Ell was the Ernest P. Larson Professorship of Poverty, Ethnicity and Health Professor of Social Work at USC.  She served as the behavioral health research director at USC School of Social Work’s Center for Innovation and Research on Veterans and Military Families. During her career, she received more than $17 million in federal funding. Ell’s research confirmed that patient self-care management and treatment adherence are influenced by individual choice, cultural beliefs, stigma concerns, practical barriers and physical health in combination with contextual supports and barriers. Ell's served most recently as co-principal investigator of a Department of Health and Human Services’ longitudinal study of 1500 low-income diabetes patients. Her work inclus ded projectaimed at dissemination, sustainability and integrated uptake of patient-center safe net care. She also created a community research partnership with the Los Angeles County’s Department of Health Services. Los Angeles DHS is the second-largest, publicly-supported safety net care system. 

Biographic Data

Ell earned her DSW in 1978 and MSW in 1966 from the University of California, Los Angeles. She earned her BA from Valparaiso University. In addition to taking on informal mentoring roles, Ell worked with promising doctoral students and mentored numerous scholars throughout her career. She was interested in exploring military social work issues, such as post-traumatic stress disorder treatment, as well as linking cancer care with primary health care.

Significant Achievements and Awards

  • Kathleen Ell currently serves on the editorial board of the Journal of the Society of Social Work and Research and on the consultant editorial board of the Journal of Consulting and Clinical Psychology.
  • 2012:  Health Care Innovations Exchange, “Multifaceted Depression and Diabetes Program,” Agency for Healthcare Research and Quality; and, NASW’s Knee/Wittman Lifetime Achievement Award.
  • 2010:  Research-Tested Interventions NCI Program, "Project SAFE," National Cancer Institute;  Faculty of 1000 Medicine Selected Published Article; and Fellow, Academy of Social Work and Social Welfare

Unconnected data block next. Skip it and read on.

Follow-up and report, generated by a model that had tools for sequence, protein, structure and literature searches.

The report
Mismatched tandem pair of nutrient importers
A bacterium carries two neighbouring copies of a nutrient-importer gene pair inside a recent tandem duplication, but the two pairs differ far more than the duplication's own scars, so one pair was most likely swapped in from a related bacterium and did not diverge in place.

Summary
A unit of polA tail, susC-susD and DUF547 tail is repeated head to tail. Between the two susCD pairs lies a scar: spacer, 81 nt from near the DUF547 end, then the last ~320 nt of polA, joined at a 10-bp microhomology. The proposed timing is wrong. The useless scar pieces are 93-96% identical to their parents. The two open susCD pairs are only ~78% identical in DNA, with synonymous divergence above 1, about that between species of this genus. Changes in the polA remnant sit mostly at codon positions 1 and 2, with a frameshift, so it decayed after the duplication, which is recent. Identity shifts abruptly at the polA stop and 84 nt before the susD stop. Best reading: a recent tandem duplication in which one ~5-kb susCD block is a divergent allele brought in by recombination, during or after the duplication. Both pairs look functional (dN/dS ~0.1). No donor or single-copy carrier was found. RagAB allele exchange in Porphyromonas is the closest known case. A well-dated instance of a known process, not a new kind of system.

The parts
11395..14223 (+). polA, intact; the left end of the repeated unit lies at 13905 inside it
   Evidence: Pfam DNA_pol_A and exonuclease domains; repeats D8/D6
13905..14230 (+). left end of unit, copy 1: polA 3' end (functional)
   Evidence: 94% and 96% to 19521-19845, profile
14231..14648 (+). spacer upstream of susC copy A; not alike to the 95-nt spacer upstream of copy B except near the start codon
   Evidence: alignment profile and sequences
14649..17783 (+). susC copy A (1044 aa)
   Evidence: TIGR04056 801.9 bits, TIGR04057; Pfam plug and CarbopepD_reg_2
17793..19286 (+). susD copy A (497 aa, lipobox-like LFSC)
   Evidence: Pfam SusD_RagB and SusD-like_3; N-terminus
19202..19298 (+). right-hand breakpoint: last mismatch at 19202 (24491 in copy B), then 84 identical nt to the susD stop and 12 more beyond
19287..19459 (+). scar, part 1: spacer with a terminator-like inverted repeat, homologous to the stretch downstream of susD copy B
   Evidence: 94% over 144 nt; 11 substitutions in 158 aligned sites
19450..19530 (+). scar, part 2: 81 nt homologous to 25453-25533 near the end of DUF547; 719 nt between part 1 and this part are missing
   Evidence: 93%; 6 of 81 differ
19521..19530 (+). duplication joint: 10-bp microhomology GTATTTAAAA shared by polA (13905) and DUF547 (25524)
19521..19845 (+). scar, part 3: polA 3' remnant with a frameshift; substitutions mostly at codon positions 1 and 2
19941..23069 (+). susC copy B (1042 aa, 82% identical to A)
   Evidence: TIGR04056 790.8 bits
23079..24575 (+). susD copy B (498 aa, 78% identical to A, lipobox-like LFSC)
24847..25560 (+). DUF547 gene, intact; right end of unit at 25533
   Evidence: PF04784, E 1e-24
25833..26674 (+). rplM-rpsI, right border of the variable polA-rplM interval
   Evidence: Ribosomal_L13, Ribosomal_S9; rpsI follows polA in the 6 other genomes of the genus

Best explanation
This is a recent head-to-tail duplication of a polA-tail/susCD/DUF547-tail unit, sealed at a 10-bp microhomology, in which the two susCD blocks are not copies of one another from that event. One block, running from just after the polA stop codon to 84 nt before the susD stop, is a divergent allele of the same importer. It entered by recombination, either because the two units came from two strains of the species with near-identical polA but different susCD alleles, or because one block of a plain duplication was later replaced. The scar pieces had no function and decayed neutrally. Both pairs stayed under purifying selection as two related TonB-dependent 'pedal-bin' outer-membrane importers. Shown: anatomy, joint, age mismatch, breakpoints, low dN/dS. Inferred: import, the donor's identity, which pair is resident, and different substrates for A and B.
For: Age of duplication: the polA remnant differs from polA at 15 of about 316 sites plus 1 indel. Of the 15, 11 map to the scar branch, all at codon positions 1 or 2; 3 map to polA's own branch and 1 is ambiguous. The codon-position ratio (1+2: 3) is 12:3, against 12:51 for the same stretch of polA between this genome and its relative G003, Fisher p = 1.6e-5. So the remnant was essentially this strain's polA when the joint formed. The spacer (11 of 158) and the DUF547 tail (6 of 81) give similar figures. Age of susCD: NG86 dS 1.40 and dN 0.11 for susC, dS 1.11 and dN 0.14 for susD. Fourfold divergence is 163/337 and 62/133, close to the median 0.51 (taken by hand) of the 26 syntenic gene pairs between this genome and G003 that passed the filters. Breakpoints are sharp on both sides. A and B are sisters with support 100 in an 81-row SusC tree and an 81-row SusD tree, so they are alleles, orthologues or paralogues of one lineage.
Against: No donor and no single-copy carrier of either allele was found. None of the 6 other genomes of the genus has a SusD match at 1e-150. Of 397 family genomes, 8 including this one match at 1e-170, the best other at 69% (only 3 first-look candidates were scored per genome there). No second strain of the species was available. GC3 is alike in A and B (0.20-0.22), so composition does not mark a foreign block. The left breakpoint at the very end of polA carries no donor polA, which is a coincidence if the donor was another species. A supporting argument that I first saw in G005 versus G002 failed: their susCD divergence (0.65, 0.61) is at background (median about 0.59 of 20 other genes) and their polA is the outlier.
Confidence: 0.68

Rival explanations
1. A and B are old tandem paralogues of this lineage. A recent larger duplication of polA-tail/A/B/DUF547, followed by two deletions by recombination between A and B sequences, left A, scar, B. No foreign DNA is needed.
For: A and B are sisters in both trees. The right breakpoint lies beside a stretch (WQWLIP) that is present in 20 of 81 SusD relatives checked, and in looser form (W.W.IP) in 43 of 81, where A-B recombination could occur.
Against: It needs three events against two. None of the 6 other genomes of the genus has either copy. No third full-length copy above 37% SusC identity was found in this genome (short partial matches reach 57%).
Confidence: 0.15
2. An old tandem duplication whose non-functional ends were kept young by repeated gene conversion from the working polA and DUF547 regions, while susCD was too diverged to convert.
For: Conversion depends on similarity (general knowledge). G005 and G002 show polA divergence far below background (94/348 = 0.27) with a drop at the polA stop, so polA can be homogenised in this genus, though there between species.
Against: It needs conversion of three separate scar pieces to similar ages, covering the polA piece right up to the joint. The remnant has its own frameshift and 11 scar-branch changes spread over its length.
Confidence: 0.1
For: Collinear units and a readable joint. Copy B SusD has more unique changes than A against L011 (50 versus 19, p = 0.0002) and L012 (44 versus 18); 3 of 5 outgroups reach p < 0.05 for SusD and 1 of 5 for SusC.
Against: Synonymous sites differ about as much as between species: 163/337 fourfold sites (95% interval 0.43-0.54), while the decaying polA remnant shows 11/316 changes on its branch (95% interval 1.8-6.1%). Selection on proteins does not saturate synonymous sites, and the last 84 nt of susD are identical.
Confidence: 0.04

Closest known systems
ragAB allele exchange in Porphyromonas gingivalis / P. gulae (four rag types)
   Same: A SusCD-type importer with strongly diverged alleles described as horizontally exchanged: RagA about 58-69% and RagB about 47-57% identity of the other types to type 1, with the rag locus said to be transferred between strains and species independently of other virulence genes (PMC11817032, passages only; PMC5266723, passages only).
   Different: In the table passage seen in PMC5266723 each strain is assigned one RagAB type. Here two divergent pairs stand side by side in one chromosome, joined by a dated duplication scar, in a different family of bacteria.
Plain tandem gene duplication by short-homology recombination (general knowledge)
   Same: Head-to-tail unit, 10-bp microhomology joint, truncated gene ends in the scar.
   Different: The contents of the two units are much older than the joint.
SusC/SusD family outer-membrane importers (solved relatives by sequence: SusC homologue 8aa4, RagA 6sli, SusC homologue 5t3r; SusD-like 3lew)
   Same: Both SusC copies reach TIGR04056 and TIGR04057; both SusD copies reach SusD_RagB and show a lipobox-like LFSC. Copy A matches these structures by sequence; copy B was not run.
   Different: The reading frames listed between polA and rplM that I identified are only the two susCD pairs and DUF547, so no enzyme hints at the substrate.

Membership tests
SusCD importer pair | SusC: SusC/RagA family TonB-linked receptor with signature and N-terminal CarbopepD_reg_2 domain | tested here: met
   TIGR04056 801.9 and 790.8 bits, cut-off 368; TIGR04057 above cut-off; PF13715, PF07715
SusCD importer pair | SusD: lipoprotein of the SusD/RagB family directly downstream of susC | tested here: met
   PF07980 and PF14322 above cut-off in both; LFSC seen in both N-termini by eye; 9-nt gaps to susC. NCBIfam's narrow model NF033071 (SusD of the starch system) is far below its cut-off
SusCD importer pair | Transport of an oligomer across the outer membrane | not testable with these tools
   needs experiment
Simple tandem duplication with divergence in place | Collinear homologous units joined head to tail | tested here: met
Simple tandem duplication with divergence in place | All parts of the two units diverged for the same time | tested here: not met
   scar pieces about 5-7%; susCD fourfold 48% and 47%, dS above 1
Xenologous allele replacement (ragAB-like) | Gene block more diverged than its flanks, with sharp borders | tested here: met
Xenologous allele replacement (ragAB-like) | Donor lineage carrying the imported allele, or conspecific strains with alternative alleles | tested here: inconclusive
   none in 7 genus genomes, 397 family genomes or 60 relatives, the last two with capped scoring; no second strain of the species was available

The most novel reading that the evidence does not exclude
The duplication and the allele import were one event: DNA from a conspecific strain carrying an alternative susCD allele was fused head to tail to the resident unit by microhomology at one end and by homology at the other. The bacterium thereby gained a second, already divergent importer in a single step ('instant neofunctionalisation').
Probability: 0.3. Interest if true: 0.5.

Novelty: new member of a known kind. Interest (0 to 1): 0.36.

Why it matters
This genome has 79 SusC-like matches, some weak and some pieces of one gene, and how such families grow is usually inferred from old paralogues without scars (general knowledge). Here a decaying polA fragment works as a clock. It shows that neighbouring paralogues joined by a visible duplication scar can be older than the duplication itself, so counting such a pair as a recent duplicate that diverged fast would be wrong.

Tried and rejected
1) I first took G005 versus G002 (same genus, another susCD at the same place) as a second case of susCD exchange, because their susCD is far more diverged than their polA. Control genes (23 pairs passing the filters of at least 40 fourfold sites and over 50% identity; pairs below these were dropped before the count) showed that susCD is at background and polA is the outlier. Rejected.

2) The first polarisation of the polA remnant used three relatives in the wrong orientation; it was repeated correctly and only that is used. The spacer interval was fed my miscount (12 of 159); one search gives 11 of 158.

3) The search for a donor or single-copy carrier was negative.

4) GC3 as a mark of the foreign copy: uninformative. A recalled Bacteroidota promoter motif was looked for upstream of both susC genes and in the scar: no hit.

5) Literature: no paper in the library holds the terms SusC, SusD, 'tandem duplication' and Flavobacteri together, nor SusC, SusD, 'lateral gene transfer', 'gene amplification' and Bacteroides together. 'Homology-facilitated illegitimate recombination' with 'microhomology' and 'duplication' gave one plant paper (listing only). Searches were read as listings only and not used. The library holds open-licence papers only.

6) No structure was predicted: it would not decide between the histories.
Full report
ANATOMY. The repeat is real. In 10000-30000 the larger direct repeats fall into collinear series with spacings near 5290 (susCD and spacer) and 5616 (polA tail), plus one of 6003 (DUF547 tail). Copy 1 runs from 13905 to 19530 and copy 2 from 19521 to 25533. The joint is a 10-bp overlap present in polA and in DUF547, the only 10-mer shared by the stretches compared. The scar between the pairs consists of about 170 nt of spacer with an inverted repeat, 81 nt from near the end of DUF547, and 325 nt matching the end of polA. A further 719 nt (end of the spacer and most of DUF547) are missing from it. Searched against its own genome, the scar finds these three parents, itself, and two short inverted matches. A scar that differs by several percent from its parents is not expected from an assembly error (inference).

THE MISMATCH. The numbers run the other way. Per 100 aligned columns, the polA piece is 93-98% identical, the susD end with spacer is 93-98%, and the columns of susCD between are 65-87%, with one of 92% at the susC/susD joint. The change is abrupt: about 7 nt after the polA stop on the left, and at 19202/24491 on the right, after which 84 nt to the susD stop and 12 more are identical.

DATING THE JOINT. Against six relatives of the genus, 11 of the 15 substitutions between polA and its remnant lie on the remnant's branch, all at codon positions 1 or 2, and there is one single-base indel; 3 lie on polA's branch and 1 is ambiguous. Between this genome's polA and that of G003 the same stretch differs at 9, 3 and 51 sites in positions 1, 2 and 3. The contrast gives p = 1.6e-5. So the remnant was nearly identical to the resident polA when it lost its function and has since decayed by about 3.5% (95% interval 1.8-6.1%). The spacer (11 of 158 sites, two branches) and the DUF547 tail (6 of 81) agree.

Significant Publications

Ell authored 97 publications, including two books. Publications include:

  • Wells, et al. (in press). Low-income cancer patients in depression treatment: Dropouts and completers." Journal of Behavioral Health Services & Research.
  • Wu, Shin-Yi et al. (2014). Technology-facilitated depression care management among predominantly Latino diabetes patients within a public safety net care system: Comparative effectiveness trial design. Contemporary Clinical Trials, 37(2), 342-354.
  • Nedjat-Haiem, F.A., Carrion, I., Lorenz, K.A., Ell, K. & Palinkas, L. (2013). Psychosocial concerns among Latinas with life-limiting advanced cancer. Omega, 67, 165-172.
  • Fann, J., Ell, K. & Sharpe, M. (2012). Integrating psychosocial care into cancer services. Journal of Clinical Oncology, 30(11), 1178-1186.
  • Wells, A., Palinkas, L.A., Qui, X., Ell, K. & Palinkas, L. (2011). Cancer patients’ perspectives on discontinuing depression treatment: the “drop out” phenomenon. Patient Preference & Adherence, 5, 465-470.
  • Vourlekis, B. & Ell, K. (2007). Best practice case management for improved medical adherence. Social Work in Health Care, 44, 161-177.



Newly Inducted NASW Social Work Pioneer Hortense McClinton 2015

Nominate A New NASW Pioneer

Completed NASW Pioneer nominations can be submitted throughout the year and are reviewed at the June 2021 Pioneer Steering Committee Meeting. To be considered at the June meeting, submit your nomination package by March 31, 2021. To learn more, visit our Pioneer nomination guidelines.


New Pioneers 

In 2020, 16 new Pioneers have been inducted.